Based on the book Playing the Enemy by John Carlin, Invictus tells an amazing story that needs to be told and passed on about the power of people uniting. The film is set in South Africa, and the story briefly begins on February 11th, 1990, the day of Nelson Mandela’s release from 27 years in prison as a result of his fighting against the country’s apartheid policies of racial segregation. The difference between the peoples is immediately evident. White kids are shown at a prep school practicing rugby on a well-manicured lawn while across the road black children are playing soccer on a rundown, dried-out field.
Apartheid comes to an end and Mandela (Morgan Freeman) is elected President in 1994, the first election blacks are allowed to vote. Life is understandably tense for Mandela and his administration in the first few days. It would be like if an African American had been elected U.S. President in 1964 after the Civil Rights Act passed. Mandela works very hard to bridge a relationship with the white Afrikaners not solely because it’s the right thing to do, but because they still have great power economically.
As the host country of the upcoming Rugby World Cup the following year, Mandela seeks to bond the races through support of the Springboks, the national team lead by Francois Pienaar (Matt Damon). This is a difficult task on two fronts. Blacks have traditionally rooted against them because of what they represented. Also, the team is below average and might not have taken part in the Cup if they hadn’t been granted the host country’s exemption. Mandela works on two fronts to bring his people together, motivating everyone to strive for something bigger than themselves.
Although the outcome has been recorded in the history books, director Clint Eastwood and his team get the viewer swept up in the emotion. There’s a touching scene where the predominantly white players go visit a school of black children to engender goodwill. The men don’t want to, but the children melt their hearts and likely will the viewers.
There are also a few choices by Eastwood that don’t work. Pienaar goes to the prison where Mandela had been held and imagines him in the yard and hears his voice. It may have happened but the scene doesn’t hold together and strikes a different tone than the rest of the film. Some of the song choices distract, like when Mandela arrives by helicopter to wish team good luck. Considering he’s a musician, it’s surprising he didn’t notice how that song especially clashed. But those minor
Freeman gives a great performance as Mandela and immerses himself within the character. While this is a common occurrence when witnessing Freeman at work, it’s an impressive feat to accomplish when playing a recent historical figure that many viewers would be familiar with.
The fact that this is a true story of a nation coming together is simultaneously inspiring and disappointing considering the current state of the world and the stories in the news.
The Blu-ray comes in a combo pack with a DVD/Digital Copy. Annoyingly, it starts with an ad for the box set Clint Eastwood: 35 Films 35 Years. before allowing access to the menu.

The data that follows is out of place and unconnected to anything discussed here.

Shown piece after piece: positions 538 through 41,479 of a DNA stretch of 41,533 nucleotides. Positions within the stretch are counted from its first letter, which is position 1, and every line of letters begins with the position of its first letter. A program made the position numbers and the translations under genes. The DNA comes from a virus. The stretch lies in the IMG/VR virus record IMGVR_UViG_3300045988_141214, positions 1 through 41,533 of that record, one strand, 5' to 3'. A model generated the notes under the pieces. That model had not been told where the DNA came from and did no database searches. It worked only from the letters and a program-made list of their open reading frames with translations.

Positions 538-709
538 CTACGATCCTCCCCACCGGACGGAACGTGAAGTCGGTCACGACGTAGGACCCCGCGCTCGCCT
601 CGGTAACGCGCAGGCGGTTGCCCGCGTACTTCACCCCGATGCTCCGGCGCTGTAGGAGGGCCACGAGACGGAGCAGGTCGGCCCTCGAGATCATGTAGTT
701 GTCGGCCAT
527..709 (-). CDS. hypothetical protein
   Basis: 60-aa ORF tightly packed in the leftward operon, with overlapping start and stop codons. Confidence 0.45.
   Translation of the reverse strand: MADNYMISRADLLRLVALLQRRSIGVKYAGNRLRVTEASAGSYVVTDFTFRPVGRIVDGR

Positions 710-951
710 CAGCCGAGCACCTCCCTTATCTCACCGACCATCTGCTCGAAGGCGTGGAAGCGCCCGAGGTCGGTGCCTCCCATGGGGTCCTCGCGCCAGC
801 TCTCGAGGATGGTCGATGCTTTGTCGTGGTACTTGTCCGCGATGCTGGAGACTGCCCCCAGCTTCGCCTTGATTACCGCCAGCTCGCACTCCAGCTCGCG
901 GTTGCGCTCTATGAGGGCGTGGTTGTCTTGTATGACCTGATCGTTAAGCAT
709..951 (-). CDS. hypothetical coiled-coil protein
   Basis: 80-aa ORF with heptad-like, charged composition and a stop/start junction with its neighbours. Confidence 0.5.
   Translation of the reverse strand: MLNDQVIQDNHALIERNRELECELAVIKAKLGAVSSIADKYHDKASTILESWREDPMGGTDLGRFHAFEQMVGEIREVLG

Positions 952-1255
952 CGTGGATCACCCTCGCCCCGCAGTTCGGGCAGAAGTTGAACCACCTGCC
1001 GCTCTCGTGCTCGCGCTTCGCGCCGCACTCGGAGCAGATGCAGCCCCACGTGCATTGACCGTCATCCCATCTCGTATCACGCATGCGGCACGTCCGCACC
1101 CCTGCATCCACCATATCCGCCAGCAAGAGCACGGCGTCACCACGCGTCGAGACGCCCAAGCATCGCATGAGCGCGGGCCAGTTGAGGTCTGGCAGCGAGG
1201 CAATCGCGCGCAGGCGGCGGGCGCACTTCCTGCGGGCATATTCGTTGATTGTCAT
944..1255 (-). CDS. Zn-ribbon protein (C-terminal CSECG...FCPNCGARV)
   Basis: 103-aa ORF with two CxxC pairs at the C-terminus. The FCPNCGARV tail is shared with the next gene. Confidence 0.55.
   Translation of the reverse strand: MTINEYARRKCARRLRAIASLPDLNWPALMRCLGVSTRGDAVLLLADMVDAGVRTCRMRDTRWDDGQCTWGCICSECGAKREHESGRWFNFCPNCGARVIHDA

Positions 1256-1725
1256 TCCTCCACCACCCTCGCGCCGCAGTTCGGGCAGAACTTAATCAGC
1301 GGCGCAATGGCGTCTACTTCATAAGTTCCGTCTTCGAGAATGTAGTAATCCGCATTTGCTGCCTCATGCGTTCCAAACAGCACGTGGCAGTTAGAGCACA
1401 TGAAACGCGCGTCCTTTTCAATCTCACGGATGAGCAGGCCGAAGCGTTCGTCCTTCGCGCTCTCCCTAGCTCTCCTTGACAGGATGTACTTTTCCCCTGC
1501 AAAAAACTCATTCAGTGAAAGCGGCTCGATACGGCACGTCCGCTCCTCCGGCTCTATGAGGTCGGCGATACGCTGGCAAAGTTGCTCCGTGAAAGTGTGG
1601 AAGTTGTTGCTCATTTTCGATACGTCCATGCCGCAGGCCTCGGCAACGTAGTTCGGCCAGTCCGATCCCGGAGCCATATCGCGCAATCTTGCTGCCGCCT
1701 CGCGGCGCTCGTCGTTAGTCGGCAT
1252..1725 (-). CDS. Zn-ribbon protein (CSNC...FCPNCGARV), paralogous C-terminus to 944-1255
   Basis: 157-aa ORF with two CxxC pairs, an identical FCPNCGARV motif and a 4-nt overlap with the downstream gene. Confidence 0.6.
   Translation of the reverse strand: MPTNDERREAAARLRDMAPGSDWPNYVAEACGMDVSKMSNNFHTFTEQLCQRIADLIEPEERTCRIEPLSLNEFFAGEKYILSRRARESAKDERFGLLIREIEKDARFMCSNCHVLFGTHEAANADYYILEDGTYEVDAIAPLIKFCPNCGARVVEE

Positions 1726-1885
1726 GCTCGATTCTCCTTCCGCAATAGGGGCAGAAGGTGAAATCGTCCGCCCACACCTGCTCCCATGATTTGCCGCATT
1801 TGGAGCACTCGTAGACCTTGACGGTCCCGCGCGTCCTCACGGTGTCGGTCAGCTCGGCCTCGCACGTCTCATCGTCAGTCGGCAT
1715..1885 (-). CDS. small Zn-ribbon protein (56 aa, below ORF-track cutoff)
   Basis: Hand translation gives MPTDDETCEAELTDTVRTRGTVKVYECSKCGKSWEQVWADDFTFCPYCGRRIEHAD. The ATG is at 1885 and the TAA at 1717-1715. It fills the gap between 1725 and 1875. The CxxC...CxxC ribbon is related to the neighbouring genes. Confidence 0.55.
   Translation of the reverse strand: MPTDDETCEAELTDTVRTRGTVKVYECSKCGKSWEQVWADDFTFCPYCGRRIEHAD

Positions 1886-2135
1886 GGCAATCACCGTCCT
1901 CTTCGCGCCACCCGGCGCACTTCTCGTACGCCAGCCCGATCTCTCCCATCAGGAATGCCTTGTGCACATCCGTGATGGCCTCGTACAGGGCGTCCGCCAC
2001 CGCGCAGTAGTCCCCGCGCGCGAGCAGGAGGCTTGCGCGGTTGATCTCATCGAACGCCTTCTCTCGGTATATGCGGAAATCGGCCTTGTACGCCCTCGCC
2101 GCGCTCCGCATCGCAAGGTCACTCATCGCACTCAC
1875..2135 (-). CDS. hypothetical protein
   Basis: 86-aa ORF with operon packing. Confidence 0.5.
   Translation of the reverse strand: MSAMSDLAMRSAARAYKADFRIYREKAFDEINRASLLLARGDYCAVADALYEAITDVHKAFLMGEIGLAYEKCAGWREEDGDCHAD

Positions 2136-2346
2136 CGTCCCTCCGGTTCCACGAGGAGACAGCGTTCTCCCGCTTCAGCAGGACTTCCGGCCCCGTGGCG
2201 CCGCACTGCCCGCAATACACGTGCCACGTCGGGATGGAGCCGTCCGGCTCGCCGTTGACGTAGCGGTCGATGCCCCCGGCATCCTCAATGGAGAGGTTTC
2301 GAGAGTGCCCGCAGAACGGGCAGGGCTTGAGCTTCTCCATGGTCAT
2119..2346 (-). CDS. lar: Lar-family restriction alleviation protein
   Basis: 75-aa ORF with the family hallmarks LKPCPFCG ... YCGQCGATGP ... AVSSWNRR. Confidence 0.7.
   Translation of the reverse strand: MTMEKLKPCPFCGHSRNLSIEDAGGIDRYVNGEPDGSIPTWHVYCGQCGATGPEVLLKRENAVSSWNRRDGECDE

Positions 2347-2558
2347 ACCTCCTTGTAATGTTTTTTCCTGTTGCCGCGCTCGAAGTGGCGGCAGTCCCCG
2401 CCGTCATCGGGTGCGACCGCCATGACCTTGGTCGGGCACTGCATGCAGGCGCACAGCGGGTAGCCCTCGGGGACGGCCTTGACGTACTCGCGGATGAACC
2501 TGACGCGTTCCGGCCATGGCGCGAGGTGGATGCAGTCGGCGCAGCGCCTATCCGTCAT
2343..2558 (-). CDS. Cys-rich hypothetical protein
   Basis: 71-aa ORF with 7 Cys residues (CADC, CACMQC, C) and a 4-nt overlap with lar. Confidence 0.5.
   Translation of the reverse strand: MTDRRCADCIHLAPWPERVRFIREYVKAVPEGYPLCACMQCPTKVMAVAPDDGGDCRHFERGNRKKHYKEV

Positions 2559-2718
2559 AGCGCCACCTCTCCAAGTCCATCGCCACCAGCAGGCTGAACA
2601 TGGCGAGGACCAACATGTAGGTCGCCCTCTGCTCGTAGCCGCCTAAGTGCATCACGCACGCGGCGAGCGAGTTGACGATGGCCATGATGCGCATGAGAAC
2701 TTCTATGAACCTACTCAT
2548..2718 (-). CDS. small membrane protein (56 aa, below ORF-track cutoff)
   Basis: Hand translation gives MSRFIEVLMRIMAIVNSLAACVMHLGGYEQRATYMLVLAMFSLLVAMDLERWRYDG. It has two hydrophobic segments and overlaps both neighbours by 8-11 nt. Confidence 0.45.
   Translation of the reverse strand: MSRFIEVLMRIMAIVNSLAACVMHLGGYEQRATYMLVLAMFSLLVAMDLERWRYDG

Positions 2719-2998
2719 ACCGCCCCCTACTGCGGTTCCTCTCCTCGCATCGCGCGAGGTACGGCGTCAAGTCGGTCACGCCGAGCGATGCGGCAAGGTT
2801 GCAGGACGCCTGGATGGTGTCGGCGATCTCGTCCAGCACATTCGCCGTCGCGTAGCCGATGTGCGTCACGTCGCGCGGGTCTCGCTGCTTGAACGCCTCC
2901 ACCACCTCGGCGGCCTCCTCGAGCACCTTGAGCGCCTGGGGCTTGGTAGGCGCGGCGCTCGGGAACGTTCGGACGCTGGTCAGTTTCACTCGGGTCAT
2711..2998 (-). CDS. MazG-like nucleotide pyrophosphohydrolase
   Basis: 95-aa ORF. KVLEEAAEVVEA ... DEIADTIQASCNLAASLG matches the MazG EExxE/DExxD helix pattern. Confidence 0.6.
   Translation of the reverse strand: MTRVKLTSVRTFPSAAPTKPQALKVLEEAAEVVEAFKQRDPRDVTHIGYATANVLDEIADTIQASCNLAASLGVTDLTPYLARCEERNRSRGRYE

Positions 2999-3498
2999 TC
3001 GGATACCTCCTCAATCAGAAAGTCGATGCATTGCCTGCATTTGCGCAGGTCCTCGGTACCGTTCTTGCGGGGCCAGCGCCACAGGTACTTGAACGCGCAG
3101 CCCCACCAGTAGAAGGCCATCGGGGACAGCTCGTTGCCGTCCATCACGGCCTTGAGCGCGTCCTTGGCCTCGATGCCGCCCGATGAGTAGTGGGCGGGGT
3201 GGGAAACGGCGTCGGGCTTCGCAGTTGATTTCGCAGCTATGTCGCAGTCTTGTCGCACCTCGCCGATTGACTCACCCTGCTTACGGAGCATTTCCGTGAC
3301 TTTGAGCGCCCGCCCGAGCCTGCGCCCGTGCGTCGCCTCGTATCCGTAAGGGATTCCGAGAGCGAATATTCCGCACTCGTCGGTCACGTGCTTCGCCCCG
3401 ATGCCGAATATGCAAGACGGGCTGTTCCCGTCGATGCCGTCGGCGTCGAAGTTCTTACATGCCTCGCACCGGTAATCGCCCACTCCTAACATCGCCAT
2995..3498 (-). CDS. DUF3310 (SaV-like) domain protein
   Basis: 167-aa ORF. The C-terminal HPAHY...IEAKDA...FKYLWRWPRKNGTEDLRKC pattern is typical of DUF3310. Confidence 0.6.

The video is presented with a 1080p/VC-1 encoded transfer and an aspect ratio of 2.40:1. The images offer great color and accurate blacks. Film grain is present, and there is great detail on display as spit can be seen coming out of players’ mouths and tiny specks of dirt and grass can be seen kicked up off the field. The only problem was in some scenes, the picture lost clarity in backgrounds and some objects turned soft, like an early scene where Mandela first addresses the white staff from the previous administration.
The audio is available in English DTS-HD Master Audio 5.1 Surround Sound and Dolby Digital 5.1 in French and Spanish. The DTS wasn’t mixed well as the levels were poor and out of balance. I frequently had to adjust the volume from dialogue, which could be soft and the accents were hard to make out when some actors whispered, to the overpowering effects and music. The bass rumbled and distorted when a plane flew overhead and during the overtime session of the final match. There was good crowd noise in the surrounds and objects were positioned well, like a TV set Mandela is watching switches speaker channels depending on where it is in relation to him on screen.
The special features are “Matt Damon Plays Rugby” (HD 7 min), a glowing look at the actor, and the Invictus Music Trailer (HD, 3min). Features exclusive to Blu-ray include “Vision, Courage and Honor” (HD), a Picture-in-Picture commentary track with Eastwood, the actors, the screenwriter, and real individuals. It includes behind-the-scenes footage. “Mandela Meets Morgan” (HD, 28 min) has a wider focus than the title indicates and covers what went into getting the film made. Lastly, an excerpt from Richard Schickel’s documentary, The Eastwood Factor (SD, 22 min). It’s compelling and makes a fan want to see the entire piece.
Invictus is a good film about a great story of humanity that deserves to be remembered. It’s worth seeing on Blu-ray.
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